Longtime internist Dr. Barry Mink inducted into Aspen Hall of Fame
Dr. Barry Mink’s retirement has been fairly uneventful for the past four years, but that all changed this past fall when he got a call informing him he was being inducted into the Aspen Hall of Fame.
“I was totally surprised,” he said this week, joking that inductees are typically reaching the end of their days. “I guess they figured I was close to broken.”
But joking aside, Mink, 78, expressed his gratitude to be included in a long list of elite Aspenites who have collectively made this community what it is.
“I was very honored,” he said. “I love Aspen. It’s a great town.”
A Chicago native, Mink first discovered Aspen on a ski trip he was invited on by a friend when they were serving stateside in the U.S. Air Force during the Vietnam War.
He and his wife, Peggy, didn’t know how to ski but they fell in love with the place immediately.
That was 1974 and Mink had already completed medical school at Northwestern University and became a physician specializing in internal medicine.
Ski instructor John Callahan encouraged Mink to speak with Dr. Whitcomb about a possible job here. The two hit it off and Mink joined the Aspen Clinic.
That began a long career for Mink and the start of many friendships that still last decades later.
Mink’s impact on the community started almost immediately as the new cardiologist in town.
He realized that Aspen Valley Hospital and ski patrol was lacking adequate cardiac care. So he established an acute cardiac care unit and better management of cardiac and medical emergencies.
Nurses received training to identify and treat cardiac events, and Mink became a medical advisor for ski patrol, encouraging EMT certification so they could perform resuscitation methods on the hill.
Facing pushback from the Aspen Skiing Co. to outfit ski patrol with defibrillators due to electricity use and the exposure of liability, Mink eventually was able to convince the powers-that-be to enable patrollers to save lives with technology.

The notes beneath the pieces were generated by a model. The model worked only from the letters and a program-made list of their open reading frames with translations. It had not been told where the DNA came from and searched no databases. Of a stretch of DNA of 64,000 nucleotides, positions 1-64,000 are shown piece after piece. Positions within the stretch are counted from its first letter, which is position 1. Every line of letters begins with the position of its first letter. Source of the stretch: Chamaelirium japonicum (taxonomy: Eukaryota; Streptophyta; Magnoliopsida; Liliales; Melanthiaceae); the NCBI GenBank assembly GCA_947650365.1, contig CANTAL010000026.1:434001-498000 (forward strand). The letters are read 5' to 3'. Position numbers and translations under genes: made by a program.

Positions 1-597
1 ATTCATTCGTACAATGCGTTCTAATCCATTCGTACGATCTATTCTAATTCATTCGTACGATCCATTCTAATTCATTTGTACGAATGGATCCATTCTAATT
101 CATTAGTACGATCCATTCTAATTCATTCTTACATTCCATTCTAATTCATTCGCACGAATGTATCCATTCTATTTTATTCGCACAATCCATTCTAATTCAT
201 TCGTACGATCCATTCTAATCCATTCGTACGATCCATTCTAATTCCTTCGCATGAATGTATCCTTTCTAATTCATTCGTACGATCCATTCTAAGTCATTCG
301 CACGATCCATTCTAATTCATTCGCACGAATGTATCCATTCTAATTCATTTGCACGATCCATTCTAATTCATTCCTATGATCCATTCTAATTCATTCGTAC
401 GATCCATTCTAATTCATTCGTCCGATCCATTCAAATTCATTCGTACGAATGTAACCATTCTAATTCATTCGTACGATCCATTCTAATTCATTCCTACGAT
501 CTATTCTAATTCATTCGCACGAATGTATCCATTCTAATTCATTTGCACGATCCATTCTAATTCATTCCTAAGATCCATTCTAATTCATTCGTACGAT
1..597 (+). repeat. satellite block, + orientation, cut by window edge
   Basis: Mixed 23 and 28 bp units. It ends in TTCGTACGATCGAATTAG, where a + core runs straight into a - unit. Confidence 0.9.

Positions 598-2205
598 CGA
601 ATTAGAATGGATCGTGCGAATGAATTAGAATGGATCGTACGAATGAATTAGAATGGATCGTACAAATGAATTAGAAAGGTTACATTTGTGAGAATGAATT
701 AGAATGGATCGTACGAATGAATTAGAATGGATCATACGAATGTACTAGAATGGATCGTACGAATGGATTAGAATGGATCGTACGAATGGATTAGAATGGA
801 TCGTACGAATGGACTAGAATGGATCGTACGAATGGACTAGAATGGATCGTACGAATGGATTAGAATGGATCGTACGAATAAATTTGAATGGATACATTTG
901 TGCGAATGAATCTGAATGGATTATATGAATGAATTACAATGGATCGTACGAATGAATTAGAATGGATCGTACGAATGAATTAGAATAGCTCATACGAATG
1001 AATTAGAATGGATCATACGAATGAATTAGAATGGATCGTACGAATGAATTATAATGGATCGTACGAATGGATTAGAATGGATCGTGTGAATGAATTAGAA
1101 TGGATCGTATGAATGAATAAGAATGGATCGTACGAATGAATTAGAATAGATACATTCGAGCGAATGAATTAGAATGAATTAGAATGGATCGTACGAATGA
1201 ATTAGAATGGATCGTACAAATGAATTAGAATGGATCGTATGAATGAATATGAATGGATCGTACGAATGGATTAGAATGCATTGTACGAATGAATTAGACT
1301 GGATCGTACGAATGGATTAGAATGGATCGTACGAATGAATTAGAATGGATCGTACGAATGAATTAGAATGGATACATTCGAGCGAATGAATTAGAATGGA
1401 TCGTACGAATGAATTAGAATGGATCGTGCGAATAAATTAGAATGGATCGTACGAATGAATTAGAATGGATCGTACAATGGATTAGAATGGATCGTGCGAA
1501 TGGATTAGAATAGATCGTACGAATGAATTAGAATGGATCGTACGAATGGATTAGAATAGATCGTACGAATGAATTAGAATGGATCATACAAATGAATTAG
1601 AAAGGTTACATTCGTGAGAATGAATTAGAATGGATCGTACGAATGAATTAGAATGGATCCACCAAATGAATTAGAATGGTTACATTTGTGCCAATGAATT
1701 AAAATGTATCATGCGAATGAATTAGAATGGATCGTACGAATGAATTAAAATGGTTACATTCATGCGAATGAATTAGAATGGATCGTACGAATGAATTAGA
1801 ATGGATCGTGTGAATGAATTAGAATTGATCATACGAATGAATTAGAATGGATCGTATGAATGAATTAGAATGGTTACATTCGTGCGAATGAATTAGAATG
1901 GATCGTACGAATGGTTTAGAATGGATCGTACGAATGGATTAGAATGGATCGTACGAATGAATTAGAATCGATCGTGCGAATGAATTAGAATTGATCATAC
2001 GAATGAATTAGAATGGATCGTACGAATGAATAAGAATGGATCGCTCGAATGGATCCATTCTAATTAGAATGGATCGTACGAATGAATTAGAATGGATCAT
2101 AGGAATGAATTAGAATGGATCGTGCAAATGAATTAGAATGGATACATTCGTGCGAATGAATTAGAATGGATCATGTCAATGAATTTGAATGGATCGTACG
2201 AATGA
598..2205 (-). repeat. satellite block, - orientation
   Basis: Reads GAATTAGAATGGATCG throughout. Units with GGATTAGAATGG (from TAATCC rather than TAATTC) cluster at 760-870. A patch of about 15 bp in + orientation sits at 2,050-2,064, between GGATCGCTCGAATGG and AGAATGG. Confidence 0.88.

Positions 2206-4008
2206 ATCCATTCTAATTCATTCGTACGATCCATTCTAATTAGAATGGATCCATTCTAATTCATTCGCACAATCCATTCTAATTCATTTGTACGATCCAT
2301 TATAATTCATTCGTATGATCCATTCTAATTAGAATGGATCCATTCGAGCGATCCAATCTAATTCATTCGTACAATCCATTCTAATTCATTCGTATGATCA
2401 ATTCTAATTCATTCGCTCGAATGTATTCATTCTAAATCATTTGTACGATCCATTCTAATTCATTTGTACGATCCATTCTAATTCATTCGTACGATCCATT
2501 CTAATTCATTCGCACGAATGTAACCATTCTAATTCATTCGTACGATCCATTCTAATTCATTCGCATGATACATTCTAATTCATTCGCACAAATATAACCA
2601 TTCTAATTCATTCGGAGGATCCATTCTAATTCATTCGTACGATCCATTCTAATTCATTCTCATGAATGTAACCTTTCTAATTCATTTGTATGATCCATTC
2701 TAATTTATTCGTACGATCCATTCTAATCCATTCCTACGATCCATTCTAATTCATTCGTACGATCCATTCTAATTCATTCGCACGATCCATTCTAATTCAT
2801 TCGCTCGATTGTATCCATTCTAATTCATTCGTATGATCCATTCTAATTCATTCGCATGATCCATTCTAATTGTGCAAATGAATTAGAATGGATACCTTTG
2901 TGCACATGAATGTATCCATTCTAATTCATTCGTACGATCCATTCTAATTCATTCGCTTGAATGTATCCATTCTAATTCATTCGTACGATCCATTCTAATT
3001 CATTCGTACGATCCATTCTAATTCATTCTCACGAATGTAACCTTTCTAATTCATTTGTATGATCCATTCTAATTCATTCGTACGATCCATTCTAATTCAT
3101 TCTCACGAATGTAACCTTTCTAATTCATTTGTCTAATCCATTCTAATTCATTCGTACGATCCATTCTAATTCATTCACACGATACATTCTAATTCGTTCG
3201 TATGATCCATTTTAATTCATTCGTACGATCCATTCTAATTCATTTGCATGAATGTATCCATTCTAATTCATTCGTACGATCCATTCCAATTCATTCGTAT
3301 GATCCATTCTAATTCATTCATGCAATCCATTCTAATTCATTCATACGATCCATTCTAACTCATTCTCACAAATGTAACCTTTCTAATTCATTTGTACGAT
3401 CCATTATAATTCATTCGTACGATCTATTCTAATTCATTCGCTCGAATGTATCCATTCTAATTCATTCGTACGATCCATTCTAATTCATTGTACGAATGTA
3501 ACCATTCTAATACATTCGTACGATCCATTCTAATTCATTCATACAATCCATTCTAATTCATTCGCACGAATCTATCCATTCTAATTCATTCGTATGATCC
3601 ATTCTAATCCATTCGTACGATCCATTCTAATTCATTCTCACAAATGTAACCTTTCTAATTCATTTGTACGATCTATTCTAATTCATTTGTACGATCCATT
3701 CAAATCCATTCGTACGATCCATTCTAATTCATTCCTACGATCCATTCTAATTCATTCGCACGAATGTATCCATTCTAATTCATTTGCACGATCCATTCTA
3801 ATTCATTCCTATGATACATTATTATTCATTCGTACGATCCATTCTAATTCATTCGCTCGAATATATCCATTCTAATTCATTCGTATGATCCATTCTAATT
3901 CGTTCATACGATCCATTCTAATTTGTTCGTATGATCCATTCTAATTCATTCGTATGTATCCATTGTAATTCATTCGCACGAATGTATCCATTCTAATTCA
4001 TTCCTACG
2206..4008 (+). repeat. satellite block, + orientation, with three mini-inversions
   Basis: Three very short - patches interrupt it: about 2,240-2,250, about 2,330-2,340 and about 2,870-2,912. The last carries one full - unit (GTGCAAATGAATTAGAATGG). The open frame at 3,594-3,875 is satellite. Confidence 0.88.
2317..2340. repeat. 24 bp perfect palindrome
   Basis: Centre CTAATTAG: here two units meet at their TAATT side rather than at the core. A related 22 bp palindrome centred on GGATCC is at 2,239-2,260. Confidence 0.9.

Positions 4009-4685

The first person to be saved on the hill using a defibrillator was named Howard who was a visitor to Aspen, Mink said.
An annual award for the best pre-hospital save was named in his honor, and when the “Howard Award” was presented each year, he came for the presentation.
Mink was an all-conference high school quarterback and all-state baseball catcher, who signed with the Cincinnati Reds whom he played for for three years until a freak shoulder accident playing flag football had him sitting on the bench.
He also was a competitive Nordic skier, cyclist and runner, completing many ultra marathons, 100-mile races and competing in national ski races.
Mink was known as a pioneer in sports medicine locally, nationally and internationally. In 1977, local doctor Robert Odén, who was an orthopedic physician, asked him to assist him with the U.S. Ski Team, tapped him.
For nearly two decades, Mink served as a physician for the U.S. Biathlon Team. He was chosen as chief medical officer and U.S. team physician to accompany the Olympic team to the 1980 and 1994 winter games.
With Tage Pedersen from the U.S. Alpine team and fellow Aspenites Dr. Balke and Dr. Anthony, Mink formed Aspen’s first sports medicine institute at the Aspen Club in the 1980s.
It focused on helping local and national athletes recover from sports-related injuries and improve their performance.
Lorna Pedersen, who is an Aspen Hall of Fame board member and the daughter of Tage, said she remembers Mink helping young athletes in the community at no charge.
“My memory of what he did was really taking an interest in the high school athletes,” she said.
Mink also supported young skiers from the Rocky Mountain Nordic and Aspen Valley Ski and Snowboard Club with their medical problems and training.
His dream was to help advance performance of athletes so they might reach their true potential in cross-country skiing. Many of the skiers went on to perform at the collegiate level and beyond, earning spots on World Cup and Olympic teams, according to the Aspen Hall of Fame’s biography on Mink.
“A lot of this was driven by my interests,” he said.
At AVH, Mink was the chief of medicine and chief of staff. He was elected to the AVH board of directors for three, four-year terms and served as president for one.
He, along with the board, shepherded a near bankrupt hospital into financial stability and enabled AVH to complete an expansion.
Mink retired in 2013, which has been a blessing and curse, he said.
“At first it was great because there were no responsibilities, the pressure was off,” he said. “But I miss my patients.”
He said he’s taken up golf and plays once a week with the old timers, two of whom also are Aspen Hall of Fame inductees.
In the winter, Mink alpine or Nordic skis and plays chess on the computer, and he and Peggy spend a lot of time together.
He said he’s been thinking about volunteering, or becoming a baseball coach.
Shortly before Mink retired, he published a fictional book called “A Second Chance”, which could be what his life might have been — an old baseball player returning to the sport at age 65.
His three daughters and their children will be there, as well as many of his patients and those he helped through his community dedication.
“I’m thankful,” he said. “I’m a lucky guy.”
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